Throughout history, in every dispensation of time, the Lord has commanded prophets that temples should be built so that His people could receive temple ordinances.  The Kirtland Temple was the first temple in these latter days, and it played an important role in the restoration of priesthood keys. The Savior appeared in glory and accepted the Kirtland Temple as His house. On that occasion Moses, Elias, and Elijah each appeared to commit to Joseph Smith the keys held from their dispensations. Elijah restored the keys of his dispensation as promised by Malachi so that we could enjoy the blessings of the temple in our lives. (See D&C 110.)

Joseph Smith and Oliver Cowdery in the Kirtland Temple

The Lord Appears in the Kirtland Temple, by Del Parson

The congregation heard an address by Sidney Rigdon, a counselor in the First Presidency, and then joined together to sing “Now Let Us Rejoice” and “Adam-ondi-Ahman,” written by William W. Phelps. Joseph Smith then rose to offer the dedicatory prayer, which he had received by revelation. In the prayer, he described many of the remarkable blessings that are bestowed upon those who come in worthiness to God’s temples (see D&C 109). The choir sang “The Spirit of God,” and the congregation then stood and gave the Hosanna Shout “with such power as seemed almost sufficient to raise the roof from the building.”1

“Let thy house be filled,” the Prophet said in the dedicatory prayer, “as with a rushing mighty wind, with thy glory” (D&C 109:37). This was literally fulfilled, for many Saints testified that heavenly beings were present during the dedication service. Eliza R. Snow recalled: “The ceremonies of that dedication may be rehearsed, but no mortal language can describe the heavenly manifestations of that memorable day. Angels appeared to some, while a sense of divine presence was realized by all present, and each heart was filled with ‘joy inexpressible and full of glory’ [see 1 Peter 1:8].”2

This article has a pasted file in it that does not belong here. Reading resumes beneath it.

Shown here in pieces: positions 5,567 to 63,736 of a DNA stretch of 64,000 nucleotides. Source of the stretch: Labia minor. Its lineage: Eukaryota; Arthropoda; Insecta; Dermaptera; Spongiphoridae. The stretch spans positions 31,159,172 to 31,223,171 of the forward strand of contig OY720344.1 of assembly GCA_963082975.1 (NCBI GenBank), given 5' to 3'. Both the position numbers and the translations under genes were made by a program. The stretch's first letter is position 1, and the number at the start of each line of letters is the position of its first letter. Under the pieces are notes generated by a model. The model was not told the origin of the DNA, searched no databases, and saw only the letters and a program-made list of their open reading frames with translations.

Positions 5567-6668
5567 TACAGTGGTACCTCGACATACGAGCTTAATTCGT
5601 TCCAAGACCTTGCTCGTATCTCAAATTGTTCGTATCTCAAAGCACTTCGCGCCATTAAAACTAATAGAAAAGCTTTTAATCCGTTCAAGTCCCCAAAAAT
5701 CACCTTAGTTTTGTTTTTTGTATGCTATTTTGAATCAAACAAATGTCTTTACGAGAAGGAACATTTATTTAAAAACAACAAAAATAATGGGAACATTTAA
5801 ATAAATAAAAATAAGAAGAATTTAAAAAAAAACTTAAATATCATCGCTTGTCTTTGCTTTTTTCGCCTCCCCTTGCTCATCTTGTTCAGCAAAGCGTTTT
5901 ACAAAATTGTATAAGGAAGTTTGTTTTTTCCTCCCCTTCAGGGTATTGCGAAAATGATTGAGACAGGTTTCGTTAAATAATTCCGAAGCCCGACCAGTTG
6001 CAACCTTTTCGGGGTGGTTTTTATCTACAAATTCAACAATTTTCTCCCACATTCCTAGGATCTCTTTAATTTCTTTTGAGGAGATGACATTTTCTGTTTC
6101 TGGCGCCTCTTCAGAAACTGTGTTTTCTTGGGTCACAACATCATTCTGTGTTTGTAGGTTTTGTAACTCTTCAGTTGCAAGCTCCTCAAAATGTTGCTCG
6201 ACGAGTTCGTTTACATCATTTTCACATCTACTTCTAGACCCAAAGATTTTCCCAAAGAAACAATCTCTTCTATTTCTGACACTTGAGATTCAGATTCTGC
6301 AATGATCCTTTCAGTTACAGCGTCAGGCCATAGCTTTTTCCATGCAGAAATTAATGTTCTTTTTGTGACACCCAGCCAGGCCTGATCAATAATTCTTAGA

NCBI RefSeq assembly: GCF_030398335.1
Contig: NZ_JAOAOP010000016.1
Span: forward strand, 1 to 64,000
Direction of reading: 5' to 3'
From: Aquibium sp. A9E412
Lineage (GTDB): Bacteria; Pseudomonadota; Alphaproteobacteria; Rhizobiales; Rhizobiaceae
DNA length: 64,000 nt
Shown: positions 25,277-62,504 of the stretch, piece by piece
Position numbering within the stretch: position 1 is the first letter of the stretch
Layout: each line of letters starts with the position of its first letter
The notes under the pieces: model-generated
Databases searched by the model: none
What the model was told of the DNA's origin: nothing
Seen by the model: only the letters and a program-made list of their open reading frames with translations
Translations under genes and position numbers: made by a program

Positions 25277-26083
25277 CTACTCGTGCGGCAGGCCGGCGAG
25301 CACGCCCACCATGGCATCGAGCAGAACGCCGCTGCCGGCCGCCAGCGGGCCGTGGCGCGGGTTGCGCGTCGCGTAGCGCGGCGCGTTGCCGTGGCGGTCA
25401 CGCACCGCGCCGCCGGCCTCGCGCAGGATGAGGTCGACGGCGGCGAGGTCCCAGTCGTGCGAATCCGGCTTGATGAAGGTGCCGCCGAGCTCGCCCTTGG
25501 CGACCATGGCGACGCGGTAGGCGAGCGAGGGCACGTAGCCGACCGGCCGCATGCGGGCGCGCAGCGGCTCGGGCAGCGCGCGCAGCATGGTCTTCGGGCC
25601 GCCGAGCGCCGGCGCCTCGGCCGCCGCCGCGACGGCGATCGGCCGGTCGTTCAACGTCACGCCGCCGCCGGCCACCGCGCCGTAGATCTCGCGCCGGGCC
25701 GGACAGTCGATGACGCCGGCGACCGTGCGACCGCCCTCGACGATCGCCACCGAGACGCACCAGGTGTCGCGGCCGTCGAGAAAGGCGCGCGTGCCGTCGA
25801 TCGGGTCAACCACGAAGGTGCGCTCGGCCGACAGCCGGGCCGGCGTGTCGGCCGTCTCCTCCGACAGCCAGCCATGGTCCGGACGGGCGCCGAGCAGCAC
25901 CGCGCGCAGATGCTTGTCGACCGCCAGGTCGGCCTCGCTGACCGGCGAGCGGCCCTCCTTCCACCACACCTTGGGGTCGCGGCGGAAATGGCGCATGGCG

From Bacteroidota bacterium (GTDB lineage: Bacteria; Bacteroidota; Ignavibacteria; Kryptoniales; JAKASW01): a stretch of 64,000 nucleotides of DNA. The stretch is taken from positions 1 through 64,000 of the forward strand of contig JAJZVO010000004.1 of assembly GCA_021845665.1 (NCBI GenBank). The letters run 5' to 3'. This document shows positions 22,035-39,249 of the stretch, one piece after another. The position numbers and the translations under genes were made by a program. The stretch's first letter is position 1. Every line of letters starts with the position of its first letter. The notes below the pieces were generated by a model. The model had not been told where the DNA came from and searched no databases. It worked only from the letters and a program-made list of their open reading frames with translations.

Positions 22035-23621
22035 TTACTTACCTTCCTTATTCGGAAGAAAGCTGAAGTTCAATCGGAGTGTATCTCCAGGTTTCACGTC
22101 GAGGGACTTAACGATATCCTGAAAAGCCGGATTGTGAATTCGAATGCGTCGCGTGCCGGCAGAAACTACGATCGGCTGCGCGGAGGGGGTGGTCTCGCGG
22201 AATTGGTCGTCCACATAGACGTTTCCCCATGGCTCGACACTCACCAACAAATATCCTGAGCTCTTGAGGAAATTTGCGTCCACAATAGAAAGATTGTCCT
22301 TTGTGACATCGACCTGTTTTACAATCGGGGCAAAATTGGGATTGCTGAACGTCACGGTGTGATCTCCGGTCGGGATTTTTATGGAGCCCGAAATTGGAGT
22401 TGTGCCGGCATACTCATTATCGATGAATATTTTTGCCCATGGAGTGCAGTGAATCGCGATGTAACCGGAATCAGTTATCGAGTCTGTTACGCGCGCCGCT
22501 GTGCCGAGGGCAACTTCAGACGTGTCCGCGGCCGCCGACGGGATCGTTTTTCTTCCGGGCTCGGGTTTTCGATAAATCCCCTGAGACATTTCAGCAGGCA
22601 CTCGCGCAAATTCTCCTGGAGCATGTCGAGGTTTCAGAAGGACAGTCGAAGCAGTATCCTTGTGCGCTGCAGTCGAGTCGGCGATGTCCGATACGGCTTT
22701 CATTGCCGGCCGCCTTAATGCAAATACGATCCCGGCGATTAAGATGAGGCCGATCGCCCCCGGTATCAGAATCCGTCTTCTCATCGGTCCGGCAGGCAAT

I can honestly say nearly every being on earth loves his family and desires a wonderful life not only now but for eternity.  One of the greatest truths in the Church of Jesus Christ of Latter-Day Saints is that families can be together forever.  Today, the youth have received their torches from their parents and are burning their lights bright like never before in history by assisting in temple work.  Their love of family and the importance of keeping them strong is like a force of millions of soldiers fighting the greatest battle against Satan the world has ever known:   https://www.lds.org/youth/video/the-spirit-of-elijah?lang=eng

It is a wonderful life when we come to know the scriptures are true, that God did not send us here on earth without a purpose and without prophets that would help us remember our families and how we can do our part to return and live together, forever.  “Behold, the time has fully come, which was spoken of by the mouth of Malachi—testifying that he [Elijah] should be sent, before the great and dreadful day of the Lord come—to turn the hearts of the fathers to the children, and the children to the fathers, lest the whole earth be smitten with a curse—therefore, the keys of this dispensation are committed into your hands; and by this ye may know that the great and dreadful day of the Lord is near, even at the doors.”5